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What is EXIF data?

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EXIF data consists of ancillary tags used by digital cameras to store shooting information alongside the images captured. EXIF stands for EXchangeable Image File format and represents a standard for digital imaging first developed by JEIDA, the Japan Electronic Industries Development Association. Examples of EXIF tags include the date and time an image was taken, the camera brand and model, the lens used and its focal length, the aperture value and shutter speed, the exposure and metering mode, and whether the flash fired or not. Moreover, GPS-enabled cameras can also store the exact coordinates of the photo shooting location in EXIF tags. EXIF data is hidden, in the sense that it is not being shown when the image is displayed. Yet, all this information can be visualized via EXIF-viewers, such as the one below, in order to provide insights into how a picture was captured.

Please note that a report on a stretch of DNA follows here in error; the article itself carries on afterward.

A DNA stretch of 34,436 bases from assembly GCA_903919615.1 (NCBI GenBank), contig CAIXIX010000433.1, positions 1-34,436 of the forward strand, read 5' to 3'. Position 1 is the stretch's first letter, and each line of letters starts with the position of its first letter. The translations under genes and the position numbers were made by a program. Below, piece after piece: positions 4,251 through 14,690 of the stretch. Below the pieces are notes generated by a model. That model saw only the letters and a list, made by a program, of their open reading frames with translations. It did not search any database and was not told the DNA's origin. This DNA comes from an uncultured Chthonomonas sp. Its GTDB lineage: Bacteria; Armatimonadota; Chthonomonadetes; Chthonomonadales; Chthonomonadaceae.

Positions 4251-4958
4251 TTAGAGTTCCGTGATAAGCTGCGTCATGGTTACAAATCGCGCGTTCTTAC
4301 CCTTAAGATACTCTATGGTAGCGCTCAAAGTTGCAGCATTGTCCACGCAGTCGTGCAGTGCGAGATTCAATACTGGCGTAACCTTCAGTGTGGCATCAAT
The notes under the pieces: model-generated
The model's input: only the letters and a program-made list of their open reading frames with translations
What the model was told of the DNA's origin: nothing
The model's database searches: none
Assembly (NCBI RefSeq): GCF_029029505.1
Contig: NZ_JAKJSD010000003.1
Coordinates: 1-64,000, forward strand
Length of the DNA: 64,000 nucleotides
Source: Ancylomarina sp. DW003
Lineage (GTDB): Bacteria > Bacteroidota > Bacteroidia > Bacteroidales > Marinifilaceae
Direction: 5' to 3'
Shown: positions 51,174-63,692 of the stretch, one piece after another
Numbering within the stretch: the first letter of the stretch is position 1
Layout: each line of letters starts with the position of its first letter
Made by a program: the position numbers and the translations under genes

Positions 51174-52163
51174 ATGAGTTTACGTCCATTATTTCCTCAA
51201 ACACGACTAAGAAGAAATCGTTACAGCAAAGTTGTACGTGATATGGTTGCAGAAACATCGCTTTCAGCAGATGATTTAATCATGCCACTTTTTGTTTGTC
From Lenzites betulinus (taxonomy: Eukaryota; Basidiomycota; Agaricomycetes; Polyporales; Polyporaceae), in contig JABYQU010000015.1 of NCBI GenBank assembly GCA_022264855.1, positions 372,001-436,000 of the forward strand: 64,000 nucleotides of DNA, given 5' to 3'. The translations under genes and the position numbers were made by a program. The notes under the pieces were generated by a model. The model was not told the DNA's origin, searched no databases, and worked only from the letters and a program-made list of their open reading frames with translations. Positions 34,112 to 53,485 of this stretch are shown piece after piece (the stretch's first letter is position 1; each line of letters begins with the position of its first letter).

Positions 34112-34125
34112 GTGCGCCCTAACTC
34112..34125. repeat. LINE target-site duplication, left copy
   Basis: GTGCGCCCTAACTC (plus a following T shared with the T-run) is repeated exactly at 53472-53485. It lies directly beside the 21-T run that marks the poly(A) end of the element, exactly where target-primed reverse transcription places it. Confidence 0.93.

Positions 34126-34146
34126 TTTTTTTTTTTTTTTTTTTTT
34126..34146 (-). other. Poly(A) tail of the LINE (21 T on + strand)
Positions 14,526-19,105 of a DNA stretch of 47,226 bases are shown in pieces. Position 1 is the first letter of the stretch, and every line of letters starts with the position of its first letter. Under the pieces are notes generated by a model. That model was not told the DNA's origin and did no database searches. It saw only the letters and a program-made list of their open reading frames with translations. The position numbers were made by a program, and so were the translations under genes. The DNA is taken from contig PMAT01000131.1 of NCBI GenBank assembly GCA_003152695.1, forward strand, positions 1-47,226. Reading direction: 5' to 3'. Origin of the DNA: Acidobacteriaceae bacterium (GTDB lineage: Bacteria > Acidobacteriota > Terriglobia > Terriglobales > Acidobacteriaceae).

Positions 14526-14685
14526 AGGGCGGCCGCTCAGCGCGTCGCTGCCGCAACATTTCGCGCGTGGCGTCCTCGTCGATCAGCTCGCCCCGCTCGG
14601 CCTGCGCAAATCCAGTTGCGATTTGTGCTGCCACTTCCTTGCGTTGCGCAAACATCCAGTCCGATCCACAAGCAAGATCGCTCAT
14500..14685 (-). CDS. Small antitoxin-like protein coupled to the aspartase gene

The EXIF standard also allows camera manufacturers to use a MakerNote tag to embed custom information alongside the images captured. For example, Fujifilm, Nikon, Pentax, and Sony take advantage of this tag to store the number of shots (or shutter actuations) that the camera has taken so far. Knowing the shutter count can be a useful indicator on how intensively a camera has been used and how much longer it might last before requiring shutter repair or replacement.

Jeffrey image exif
Hidden image metadata[Jeffrey Photography]

How to view EXIF data?

In order to display the metadata in an image file, just upload a new, unedited image using the dialog box below. Smaller files will upload faster. This online tool does not require any software installation and is equally suitable for Windows and Mac users. The uploaded image will be automatically deleted after inspection of the EXIF metadata.

Drop Your Image File Here


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Please note the following:

  • The uploaded image contained only very rudimentary EXIF data.
  • Did you perhaps submit an image that was photoshopped or transferred wirelessly between devices?